Ordowski created this poem in a workshop ac-
tivity in which writers' picked phrases out of a
hat. Denise Dumars called the pocm minimalist
and praised it: "A study in precision... the
shadow is the only thing that moves... and even
then it only moves for a moment. So the poem
can be seen as a still photo until the shadow
moves, making it into a motion picture."
Ordowski also believes in seeing the largeness
of the world. He travels to the rainforests of
Washington, and this summer he taped a diary on
microcassette of his "cruise" on a "zodiac" boat
with 12 people through a pod of spouting orcas.
It is often in transit that Ordowski writes, and
with considerable spontaneity.
"I have written whole poems... in the car
from home to work," says Ordowski. He con-
cludes with a water metaphor: "The words cas-
cade... I have to grab a piece of paper" to write it
PEGGY MOLLER and CHARLES ORDOWSKI
read at the+
Guild house (802 Monroe) tonight at
Continued from page 10
ument. And for the irony which im-
bues the lyrical twists of MacDonald
and partner Barbara K's bleak prairie
harmonids with moments of doubt-
ing genius, all their predictability is
Still, stuff like "Standard White
Wesus" is the kind of easy-target-
bashing which brings on cynical
critics with knives sharpened, and
MacDonald watches his steps;
"Authors and critics," he advises in
Count to Ten," "Do your home-
work, get the facts/ Before you point
' WANT TO REALLY
Send a PERSONAL!
The Daily Classifieds
the poison pen." Those who do look
in deeper will find sympathetic sen-
timents running throughout Mac-
Donald's portrayal of down-and-
outers which suggest a extra mean-
ing - a healthy acceptance that he,
too, has missed his chance at the
"Wheel of Fortune." "Your time's
not wasted/ ...Your big invest-
ment's/Gonna pay off someday," he
pleads the criminal of "Don't Give
Up on Me"; one could easily imag-
ine an impatient Copeland on the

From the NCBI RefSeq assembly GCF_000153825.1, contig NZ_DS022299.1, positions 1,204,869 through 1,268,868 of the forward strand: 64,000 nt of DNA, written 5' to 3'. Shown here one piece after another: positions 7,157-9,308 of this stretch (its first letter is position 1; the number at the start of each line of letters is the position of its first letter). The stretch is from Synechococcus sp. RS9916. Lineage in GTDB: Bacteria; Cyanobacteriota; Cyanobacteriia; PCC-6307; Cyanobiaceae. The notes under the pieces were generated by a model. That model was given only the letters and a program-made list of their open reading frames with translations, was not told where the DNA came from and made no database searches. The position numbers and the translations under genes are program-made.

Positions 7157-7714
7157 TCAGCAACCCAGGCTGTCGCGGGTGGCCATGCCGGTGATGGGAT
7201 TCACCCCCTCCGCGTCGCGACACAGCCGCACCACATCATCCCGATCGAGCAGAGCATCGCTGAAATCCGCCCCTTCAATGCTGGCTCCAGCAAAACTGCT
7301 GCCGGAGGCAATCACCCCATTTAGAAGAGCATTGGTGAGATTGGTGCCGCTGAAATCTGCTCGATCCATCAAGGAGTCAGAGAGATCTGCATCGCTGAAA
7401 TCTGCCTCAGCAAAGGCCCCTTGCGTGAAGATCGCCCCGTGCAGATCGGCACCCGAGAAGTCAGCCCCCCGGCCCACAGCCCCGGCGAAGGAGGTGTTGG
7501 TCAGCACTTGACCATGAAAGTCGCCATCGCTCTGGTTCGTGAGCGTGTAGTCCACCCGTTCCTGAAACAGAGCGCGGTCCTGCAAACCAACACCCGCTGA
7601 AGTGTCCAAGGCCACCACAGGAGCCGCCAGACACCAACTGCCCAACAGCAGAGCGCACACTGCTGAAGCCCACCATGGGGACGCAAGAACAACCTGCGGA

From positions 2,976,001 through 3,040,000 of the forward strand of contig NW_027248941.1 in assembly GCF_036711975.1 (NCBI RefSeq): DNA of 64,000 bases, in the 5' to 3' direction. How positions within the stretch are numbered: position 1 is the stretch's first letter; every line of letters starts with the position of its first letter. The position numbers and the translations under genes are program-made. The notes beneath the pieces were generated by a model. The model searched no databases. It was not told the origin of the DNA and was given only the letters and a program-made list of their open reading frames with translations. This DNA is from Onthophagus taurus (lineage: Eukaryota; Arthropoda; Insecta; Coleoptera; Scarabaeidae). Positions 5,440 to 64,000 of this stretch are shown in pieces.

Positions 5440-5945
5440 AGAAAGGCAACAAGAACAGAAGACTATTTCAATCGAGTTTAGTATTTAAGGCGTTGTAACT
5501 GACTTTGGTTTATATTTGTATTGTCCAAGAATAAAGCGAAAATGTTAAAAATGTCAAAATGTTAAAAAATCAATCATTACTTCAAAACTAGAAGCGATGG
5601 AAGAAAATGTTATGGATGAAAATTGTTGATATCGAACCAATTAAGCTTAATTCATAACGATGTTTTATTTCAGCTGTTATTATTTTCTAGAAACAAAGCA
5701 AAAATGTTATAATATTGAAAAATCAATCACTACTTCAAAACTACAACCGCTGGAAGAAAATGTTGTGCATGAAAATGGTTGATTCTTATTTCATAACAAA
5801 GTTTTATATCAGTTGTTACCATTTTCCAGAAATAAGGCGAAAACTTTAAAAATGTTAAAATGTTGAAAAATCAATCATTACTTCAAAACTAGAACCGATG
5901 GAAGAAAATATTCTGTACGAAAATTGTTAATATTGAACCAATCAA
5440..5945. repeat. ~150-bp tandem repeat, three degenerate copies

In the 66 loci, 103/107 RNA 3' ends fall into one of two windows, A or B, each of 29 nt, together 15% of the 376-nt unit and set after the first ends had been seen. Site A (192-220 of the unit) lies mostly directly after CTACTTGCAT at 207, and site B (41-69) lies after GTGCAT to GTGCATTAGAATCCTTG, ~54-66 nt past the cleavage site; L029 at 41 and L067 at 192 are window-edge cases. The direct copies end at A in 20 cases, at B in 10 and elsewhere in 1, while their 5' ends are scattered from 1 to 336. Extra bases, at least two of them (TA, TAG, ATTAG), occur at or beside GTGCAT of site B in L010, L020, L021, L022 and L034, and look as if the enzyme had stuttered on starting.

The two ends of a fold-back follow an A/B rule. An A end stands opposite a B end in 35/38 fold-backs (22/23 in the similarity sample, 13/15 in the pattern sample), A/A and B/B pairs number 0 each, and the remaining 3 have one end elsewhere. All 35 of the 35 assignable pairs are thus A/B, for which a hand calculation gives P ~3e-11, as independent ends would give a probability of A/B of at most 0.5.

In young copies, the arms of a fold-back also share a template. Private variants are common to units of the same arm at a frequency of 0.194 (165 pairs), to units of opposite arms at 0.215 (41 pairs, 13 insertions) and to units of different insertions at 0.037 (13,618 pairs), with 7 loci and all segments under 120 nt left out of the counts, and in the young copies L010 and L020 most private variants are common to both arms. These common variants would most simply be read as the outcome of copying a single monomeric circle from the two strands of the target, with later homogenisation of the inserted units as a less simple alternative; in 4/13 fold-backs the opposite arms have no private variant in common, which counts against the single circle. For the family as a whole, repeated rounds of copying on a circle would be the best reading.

end of the line.
While Edge of Allegiance' s
sparse, folkish sound is less engag-
ing than the funk/blues/hip-hop
rhythms and island guitar which
spiced the excellent Eden Alley's
take on moral confusion in the wake
of Jim and Swaggy, the record's
lonesome Hank Williams drawl
evokes a heartland emptiness which
sets an appropriate, if hook-starved,
background throughout. This is the
MacDonalds' humble home turf, and
if they're happy "living on the B-
side of life," I'll b content indeed to
follow them alang on their blue
highway aroundj she pop charts' blaze
of glory - wherever it leads.
TIMBUK3 performs two shows
(7:30 and 10:00 p.m.) tonight at the
Ark, 637 S. Main. Advance tickets
flies solo mission
He didn't write "King of the Road" and he doesn't do ads for credit cards.
This Roger Miller plays keyboards, plays them in ways others are prob-
ably scared to. Formerly of Mission of Burma and currently of the exper-
imental Birdsongs of the Mesozoic, Miller is heavily into distortion, de-
lay and all sorts of other neato effects; he dubs his style "Maximum
Electric Piano." Musician magazine called him "the bastard son of John
Cage and Jimi Hendrix". He'll play tonight at the Heidelberg - things*
should get started at 10 p.m. or so.
SOCIAL WORK DAY
Friday, Nov. 3, 1989 3-6 PM
Amphitheatre, 4th Floor,
Alumni, professors, and administrators will
speak on career opportunities in social
work and University of Michigan programs
" Masters in
*Ph.D. in Social Work
and Social Science
FOR MORE INFORMATION 764-5330